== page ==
Russiagaters aim high and miss again with fresh attempt to link RT to election interference campaign
Democratic lawmakers have finally managed to expose RT’s extensive efforts to influence the 2016 US presidential election — by releasing a list of advertised tweets, most of which actually had nothing to do with the election.
Obviously, RT did everything it could to try and keep its nefarious campaign of interference under wraps, but the day of judgement is finally upon us.
In fairness to him, Rep. Adam Schiff (D-California), who is one of the leading Russiagate conspiracy theorists in Congress and the ranking Democrat on the House Intelligence Committee, did his very best to make a mountain out of a molehill here, so let’s give credit where it is due.
Nonetheless, we have just a few little problems with his approach.
1. Democrats are re-hashing old fake news
Schiff released a document detailing the supposed evidence thus far that RT was part of a “surreptitious” social media campaign to interfere with the American election. Yet, the document includes no evidence that this was actually the case, and instead it focuses heavily on information published more than one year ago in an infamous intelligence community report, which was widely panned — even by some of the usual Russiagate fanatics — as being very thin on detail.
2. RT already made its paid-for tweets public
Schiff’s big reveal of a list of advertised tweets paid for by RT.com also falls flat — because RT itself released a list of its top paid-for tweets last November. So, sorry Schiff, you haven’t blown the lid off a big conspiracy here; we were already way ahead of you.
It was also around the same time that RT revealed that Twitter had asked RT to spend millions of dollars on marketing during the US election — an offer which RT turned down.
3. Only a fraction of RT tweets were election-related
To add some weight to his big announcement, Schiff and the Intelligence Committee released a whopping 110 pages of RT.com paid-for tweets, which, to be fair, was a really impressive effort.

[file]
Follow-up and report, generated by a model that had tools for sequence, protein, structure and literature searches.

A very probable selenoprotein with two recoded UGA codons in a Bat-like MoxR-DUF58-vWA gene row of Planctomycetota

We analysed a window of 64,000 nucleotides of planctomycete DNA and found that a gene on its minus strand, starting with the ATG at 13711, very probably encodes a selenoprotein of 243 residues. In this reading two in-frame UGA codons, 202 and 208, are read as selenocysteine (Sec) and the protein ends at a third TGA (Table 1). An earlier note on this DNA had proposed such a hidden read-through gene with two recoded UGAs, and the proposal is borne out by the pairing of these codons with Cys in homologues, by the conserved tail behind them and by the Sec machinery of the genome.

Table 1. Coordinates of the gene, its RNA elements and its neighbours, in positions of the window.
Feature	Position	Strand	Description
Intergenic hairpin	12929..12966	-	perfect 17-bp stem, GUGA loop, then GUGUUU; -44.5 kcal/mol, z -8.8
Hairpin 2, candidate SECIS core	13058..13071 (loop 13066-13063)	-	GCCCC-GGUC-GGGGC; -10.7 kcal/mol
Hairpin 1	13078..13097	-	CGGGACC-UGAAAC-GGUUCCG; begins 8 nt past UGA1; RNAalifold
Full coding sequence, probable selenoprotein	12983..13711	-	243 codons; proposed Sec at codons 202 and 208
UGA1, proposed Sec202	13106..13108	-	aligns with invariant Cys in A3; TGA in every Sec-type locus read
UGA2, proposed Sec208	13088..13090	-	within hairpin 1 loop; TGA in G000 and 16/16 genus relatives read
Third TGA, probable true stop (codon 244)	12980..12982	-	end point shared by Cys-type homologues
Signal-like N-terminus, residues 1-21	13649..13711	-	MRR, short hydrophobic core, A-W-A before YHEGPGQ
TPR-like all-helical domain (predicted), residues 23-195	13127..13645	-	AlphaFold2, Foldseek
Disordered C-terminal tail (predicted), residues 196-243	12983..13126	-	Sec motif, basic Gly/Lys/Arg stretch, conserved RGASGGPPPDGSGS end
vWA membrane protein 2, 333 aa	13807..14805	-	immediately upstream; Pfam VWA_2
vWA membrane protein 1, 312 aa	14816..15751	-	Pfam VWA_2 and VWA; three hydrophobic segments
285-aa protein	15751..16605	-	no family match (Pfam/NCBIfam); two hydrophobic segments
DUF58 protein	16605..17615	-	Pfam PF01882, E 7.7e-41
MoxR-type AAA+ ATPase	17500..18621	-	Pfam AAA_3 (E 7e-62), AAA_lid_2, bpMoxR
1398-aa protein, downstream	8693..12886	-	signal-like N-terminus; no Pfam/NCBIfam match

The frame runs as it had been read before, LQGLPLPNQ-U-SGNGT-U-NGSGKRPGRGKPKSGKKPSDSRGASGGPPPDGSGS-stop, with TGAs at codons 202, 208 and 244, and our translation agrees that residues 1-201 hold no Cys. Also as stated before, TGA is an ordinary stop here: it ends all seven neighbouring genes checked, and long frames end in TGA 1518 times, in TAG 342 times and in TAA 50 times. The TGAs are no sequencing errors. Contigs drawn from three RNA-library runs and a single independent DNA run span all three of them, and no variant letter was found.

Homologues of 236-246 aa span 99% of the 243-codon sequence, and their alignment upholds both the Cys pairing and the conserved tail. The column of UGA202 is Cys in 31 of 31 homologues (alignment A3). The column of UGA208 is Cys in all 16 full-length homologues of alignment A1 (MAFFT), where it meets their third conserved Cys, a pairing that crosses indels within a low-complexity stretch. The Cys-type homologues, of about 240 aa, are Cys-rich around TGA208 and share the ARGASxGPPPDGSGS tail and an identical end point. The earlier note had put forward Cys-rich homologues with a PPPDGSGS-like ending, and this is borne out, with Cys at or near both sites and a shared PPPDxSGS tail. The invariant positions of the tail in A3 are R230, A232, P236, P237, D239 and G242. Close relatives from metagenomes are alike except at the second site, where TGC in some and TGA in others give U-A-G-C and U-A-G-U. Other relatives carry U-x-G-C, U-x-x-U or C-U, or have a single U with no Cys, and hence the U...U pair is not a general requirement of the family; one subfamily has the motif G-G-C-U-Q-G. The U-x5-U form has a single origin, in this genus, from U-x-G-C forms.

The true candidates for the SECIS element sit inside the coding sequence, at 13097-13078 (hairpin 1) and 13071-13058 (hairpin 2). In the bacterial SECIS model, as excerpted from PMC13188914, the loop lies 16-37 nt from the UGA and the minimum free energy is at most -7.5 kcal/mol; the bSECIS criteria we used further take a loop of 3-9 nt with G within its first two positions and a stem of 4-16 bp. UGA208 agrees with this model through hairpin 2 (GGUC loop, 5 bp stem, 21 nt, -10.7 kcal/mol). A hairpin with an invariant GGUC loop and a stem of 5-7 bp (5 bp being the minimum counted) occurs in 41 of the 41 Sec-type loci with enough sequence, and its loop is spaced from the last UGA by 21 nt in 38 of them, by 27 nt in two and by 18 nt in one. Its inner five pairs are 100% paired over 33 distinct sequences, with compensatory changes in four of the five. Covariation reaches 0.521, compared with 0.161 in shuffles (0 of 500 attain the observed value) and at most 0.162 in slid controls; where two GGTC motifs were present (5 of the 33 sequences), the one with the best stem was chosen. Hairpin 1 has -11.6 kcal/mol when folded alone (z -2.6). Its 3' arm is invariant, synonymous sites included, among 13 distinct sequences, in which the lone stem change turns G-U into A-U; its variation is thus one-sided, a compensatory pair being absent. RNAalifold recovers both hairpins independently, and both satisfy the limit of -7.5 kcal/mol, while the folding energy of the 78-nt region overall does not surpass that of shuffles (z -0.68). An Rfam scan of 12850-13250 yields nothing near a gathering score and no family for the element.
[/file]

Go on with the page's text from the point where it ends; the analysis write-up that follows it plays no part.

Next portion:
But it seems that maybe Schiff and his merry gang of Russiagaters were confident that no one would bother to actually trawl through the whole list — because most of them had nothing to do with the US election.
Of the 1665 tweets promoted by the @RT_com Twitter account, Donald Trump was mentioned 153 times, while Hillary Clinton got 78 mentions — that’s just 13 percent of promoted tweets. Of the 127 tweets paid for by the @RT_America Twitter account, only 38 of them mentioned Trump and 25 mentioned Clinton.
According to our count, there are 390 tweets out of the total 1792 listed that could be said to be related to the US election in some way — that’s under 22 percent. The rest of the time, RT was also tweeting about non-US related matters, because, shocking as it may sound, news happens in other places too.
4. RT promoted tweets about all candidates and parties
If they looked closely, Schiff and his team might also have noticed that RT published and promoted tweets about all parties and candidates running for US president in 2016 — including Green Party candidate Jill Stein and Libertarian candidate Gary Johnson.
We understand that Schiff might not be familiar with these names or see such a wide array of news and viewpoints in the mainstream media, but it’s called journalism.
5. Voter suppression?
In a last-ditch attempt at relevancy, Schiff included a list of tweets that were aimed at voter suppression, urging voters to stay at home or to “vote online” instead of going to the polls.
Schiff acknowledges that there is “no indication” that any of these tweets had anything whatsoever to do with Russia. What’s more, BuzzFeed has already identified some of those voter suppression scams with having originated on the 4chan message boards. So why are they included in the supposed revelations about RT’s alleged election influence campaign? Your guess is as good as ours.
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It looks like Schiff and his Democratic colleagues on the House Intelligence Committee are trying to look busy, but they are coming up short again.
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